A horse treadmill made by Minard Harder of Cobleskill, N.Y. Note the decorative turned spindles on the top railing! The flywheel is fitted with the Crown governor, patented in 1885. Harder also made dog treadmills.
Another one horse treadmill with roller treads. Notice the track guide on the rear end of the track, instead of a wheel.
The Champion One Horse Power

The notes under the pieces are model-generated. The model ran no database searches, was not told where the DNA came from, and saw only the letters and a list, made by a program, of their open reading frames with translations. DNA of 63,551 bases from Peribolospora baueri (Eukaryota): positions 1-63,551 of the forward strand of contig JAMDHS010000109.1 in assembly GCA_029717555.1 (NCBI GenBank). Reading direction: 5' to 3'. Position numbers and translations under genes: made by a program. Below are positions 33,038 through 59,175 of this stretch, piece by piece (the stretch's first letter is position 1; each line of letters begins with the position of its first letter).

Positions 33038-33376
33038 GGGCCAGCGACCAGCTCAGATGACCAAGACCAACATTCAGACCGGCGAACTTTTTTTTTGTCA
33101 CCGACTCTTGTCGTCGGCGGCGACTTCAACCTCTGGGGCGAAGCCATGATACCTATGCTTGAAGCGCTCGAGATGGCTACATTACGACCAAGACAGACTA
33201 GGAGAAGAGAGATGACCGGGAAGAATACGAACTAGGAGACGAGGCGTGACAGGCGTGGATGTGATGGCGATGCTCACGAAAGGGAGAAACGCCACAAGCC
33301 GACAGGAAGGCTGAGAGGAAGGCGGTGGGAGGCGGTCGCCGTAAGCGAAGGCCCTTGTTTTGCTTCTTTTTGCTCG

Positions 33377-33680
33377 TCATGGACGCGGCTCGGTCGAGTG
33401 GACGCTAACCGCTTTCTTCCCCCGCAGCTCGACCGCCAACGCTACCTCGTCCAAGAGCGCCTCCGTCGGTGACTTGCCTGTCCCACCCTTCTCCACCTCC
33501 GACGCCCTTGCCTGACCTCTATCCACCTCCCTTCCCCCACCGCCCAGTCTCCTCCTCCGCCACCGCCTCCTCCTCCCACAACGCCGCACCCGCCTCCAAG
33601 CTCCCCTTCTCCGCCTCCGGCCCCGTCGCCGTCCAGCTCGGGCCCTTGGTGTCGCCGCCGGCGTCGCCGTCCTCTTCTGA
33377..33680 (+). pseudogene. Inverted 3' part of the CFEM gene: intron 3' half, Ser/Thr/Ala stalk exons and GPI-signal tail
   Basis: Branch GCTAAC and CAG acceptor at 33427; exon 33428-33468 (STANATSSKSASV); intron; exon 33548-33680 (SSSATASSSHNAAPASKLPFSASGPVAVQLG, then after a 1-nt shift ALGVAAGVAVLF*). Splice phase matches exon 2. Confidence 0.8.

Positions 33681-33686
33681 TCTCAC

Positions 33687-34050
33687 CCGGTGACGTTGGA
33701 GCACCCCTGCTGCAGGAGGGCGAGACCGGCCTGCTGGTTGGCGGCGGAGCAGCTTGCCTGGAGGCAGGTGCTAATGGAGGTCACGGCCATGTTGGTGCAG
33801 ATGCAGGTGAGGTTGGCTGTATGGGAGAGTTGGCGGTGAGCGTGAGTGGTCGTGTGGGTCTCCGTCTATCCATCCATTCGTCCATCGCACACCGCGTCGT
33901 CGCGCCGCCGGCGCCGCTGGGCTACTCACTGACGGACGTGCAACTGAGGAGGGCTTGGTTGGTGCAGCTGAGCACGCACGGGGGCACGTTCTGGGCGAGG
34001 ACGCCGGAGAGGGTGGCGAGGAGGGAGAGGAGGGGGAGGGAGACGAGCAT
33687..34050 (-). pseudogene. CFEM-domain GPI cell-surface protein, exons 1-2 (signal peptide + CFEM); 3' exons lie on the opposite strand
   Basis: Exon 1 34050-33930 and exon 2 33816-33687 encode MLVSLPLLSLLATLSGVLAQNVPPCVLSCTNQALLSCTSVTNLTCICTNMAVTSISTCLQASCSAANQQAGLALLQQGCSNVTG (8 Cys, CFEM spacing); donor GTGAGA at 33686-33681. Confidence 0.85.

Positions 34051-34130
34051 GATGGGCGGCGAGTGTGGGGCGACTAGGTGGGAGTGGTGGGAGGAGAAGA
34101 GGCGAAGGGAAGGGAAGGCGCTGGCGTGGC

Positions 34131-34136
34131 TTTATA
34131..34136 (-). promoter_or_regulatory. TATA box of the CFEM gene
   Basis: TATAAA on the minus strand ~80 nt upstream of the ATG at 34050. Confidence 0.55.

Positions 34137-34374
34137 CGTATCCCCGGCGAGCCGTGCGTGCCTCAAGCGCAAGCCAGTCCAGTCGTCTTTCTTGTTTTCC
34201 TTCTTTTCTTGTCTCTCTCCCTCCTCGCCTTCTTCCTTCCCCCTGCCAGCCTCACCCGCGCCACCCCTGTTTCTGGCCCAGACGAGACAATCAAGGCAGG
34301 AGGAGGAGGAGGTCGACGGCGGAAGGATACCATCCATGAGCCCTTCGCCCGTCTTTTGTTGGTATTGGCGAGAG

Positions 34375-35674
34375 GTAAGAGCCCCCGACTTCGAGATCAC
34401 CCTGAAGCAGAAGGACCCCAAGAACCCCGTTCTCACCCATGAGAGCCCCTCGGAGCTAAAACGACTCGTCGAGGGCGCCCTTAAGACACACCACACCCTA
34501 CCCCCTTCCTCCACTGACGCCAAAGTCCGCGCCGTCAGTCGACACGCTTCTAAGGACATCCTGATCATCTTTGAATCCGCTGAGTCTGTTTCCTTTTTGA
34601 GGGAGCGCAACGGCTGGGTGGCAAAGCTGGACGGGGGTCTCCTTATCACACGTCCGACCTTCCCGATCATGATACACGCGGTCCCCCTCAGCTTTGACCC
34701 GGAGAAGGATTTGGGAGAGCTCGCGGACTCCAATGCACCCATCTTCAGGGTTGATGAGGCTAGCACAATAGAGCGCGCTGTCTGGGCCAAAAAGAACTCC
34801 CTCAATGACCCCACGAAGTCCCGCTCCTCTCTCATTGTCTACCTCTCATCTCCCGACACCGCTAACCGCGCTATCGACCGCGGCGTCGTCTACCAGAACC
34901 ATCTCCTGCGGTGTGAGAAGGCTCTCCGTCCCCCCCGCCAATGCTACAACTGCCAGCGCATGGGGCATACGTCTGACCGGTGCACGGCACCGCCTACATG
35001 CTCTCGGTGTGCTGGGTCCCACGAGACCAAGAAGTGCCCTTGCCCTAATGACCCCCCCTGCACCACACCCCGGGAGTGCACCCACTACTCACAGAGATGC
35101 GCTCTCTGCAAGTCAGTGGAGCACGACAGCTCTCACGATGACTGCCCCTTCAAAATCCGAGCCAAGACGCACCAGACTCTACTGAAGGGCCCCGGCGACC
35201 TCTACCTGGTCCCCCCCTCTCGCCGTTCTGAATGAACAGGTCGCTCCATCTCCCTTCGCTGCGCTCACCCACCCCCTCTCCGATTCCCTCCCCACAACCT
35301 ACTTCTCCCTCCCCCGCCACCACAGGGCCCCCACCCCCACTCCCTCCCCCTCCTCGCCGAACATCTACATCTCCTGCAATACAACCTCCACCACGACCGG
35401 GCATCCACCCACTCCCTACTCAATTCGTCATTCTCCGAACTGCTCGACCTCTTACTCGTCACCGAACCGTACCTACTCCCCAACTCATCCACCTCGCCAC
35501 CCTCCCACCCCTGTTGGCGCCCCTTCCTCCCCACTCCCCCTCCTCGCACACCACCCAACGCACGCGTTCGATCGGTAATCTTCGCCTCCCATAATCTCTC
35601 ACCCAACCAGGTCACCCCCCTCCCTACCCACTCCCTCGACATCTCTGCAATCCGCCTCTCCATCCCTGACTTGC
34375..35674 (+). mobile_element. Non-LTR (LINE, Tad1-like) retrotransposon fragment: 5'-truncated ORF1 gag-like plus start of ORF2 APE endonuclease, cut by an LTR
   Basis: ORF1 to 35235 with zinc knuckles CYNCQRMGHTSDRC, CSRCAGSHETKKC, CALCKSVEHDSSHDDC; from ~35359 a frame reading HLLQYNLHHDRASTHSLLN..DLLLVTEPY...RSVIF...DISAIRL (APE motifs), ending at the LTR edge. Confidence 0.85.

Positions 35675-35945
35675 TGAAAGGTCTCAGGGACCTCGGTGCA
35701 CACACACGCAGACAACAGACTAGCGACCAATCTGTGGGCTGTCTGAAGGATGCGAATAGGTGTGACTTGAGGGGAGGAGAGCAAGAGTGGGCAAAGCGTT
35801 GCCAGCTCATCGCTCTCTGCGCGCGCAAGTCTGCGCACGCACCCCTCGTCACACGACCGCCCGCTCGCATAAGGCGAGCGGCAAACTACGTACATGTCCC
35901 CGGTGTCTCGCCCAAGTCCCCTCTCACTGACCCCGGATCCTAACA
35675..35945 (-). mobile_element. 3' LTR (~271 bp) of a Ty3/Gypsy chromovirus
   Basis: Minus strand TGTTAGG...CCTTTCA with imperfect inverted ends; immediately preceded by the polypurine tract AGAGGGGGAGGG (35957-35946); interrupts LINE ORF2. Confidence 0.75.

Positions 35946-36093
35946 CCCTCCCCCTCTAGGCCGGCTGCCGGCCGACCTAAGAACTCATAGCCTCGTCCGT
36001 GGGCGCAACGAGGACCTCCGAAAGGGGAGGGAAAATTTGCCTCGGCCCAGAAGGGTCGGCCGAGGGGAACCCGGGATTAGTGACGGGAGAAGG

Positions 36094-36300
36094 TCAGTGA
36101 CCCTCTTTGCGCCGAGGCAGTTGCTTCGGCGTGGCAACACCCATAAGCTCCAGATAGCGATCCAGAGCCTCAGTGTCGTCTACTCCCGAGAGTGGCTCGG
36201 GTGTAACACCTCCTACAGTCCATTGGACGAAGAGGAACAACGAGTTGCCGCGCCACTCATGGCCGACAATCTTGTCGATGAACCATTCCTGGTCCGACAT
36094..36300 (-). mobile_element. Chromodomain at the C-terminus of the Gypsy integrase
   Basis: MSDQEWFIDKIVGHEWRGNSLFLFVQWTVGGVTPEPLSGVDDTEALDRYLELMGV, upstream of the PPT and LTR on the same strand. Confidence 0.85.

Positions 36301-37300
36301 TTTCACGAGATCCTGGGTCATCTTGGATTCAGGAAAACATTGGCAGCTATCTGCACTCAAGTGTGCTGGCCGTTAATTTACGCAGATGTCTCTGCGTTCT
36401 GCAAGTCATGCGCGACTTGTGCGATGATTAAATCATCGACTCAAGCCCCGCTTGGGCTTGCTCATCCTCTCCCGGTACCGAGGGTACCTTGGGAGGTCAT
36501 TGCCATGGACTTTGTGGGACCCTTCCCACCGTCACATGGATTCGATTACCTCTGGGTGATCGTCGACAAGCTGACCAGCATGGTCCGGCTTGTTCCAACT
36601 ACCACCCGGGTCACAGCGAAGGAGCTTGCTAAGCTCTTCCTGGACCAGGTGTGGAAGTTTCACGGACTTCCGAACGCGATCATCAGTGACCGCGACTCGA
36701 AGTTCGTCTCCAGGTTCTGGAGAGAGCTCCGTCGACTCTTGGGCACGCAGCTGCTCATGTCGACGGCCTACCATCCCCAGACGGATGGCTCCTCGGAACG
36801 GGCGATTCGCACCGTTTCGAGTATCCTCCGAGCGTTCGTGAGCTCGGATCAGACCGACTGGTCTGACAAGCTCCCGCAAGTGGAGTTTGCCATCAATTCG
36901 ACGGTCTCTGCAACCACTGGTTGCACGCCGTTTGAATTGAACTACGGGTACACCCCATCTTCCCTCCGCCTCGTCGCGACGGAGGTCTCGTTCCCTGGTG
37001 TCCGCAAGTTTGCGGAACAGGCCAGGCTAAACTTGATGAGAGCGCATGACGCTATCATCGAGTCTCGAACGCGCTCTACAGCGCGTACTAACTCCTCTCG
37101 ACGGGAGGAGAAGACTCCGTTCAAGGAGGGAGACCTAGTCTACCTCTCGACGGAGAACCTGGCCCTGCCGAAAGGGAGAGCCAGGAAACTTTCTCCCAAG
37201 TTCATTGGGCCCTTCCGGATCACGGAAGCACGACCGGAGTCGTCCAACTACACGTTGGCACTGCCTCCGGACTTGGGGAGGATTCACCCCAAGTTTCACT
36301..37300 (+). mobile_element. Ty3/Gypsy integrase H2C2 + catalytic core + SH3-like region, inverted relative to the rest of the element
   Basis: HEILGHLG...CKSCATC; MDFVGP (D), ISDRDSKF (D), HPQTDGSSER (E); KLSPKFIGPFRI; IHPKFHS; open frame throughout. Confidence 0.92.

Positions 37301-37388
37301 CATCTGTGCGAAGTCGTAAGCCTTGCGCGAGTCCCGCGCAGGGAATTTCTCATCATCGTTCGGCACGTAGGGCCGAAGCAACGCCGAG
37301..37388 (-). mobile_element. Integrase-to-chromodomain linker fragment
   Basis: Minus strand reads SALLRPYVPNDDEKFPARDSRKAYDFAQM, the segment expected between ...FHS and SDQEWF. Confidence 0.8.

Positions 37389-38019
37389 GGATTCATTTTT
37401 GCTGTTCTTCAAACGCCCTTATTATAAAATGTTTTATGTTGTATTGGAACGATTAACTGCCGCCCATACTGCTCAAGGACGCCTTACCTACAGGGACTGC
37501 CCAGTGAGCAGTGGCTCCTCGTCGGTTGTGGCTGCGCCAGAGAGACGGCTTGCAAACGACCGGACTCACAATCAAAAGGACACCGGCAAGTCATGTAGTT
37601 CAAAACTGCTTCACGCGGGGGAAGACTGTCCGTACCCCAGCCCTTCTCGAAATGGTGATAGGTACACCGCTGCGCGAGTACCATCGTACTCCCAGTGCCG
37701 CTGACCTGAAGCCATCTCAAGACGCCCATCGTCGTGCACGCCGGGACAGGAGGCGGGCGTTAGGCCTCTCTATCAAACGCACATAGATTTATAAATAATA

The Champion one horse power is the power formerly made by Buckwalter & Co., and was known by the name of "Buckwalter Power". It is the power that was gotten up and manufactured by them for nearly 20 years. It was the first improved power made to Carry the chain over without cogs in the links. The sprocket gear or double gear, as it is termed, was patented by Buckwalter & Co., and no manufacturer could use this gear unless they paid a royalty. To escape this, unscrupulous parties evaded the law and imitated the genuine; but, as poor material was used, the powers were a failure, clumsily constructed and causing the machine to run very hard. It is an acknowledged fact by farmers and manufacturers of machinery that the Champion or Buckwalter's powers are the lightest running powers made. For durability and workmanship, it cannot be excelled. The lumber used is of the very best. The rods are all of steel and turned from one end to the other, giving them a perfect smooth bearing. Its links are of the best malleable iron and bored on a machine constructed for that purpose, making them all uniform in every way, so there can be no twist or bind in them. This is the main thing in making a power run easily. The wheels are of cast iron, bored out and turned to a smooth surface. The lags are made of the best maple lumber, 2 1/2" in thickness by 7 1/2" wide, with groove in the center to prevent the horse from slipping. A perfectly smooth horse can be used on this floor, thus saving time of going to the smith shop preparatory to threshing. The power has a worldwide reputation, and is therefore, the champion of the world. They are made in two styles, the level tread and the old style incline.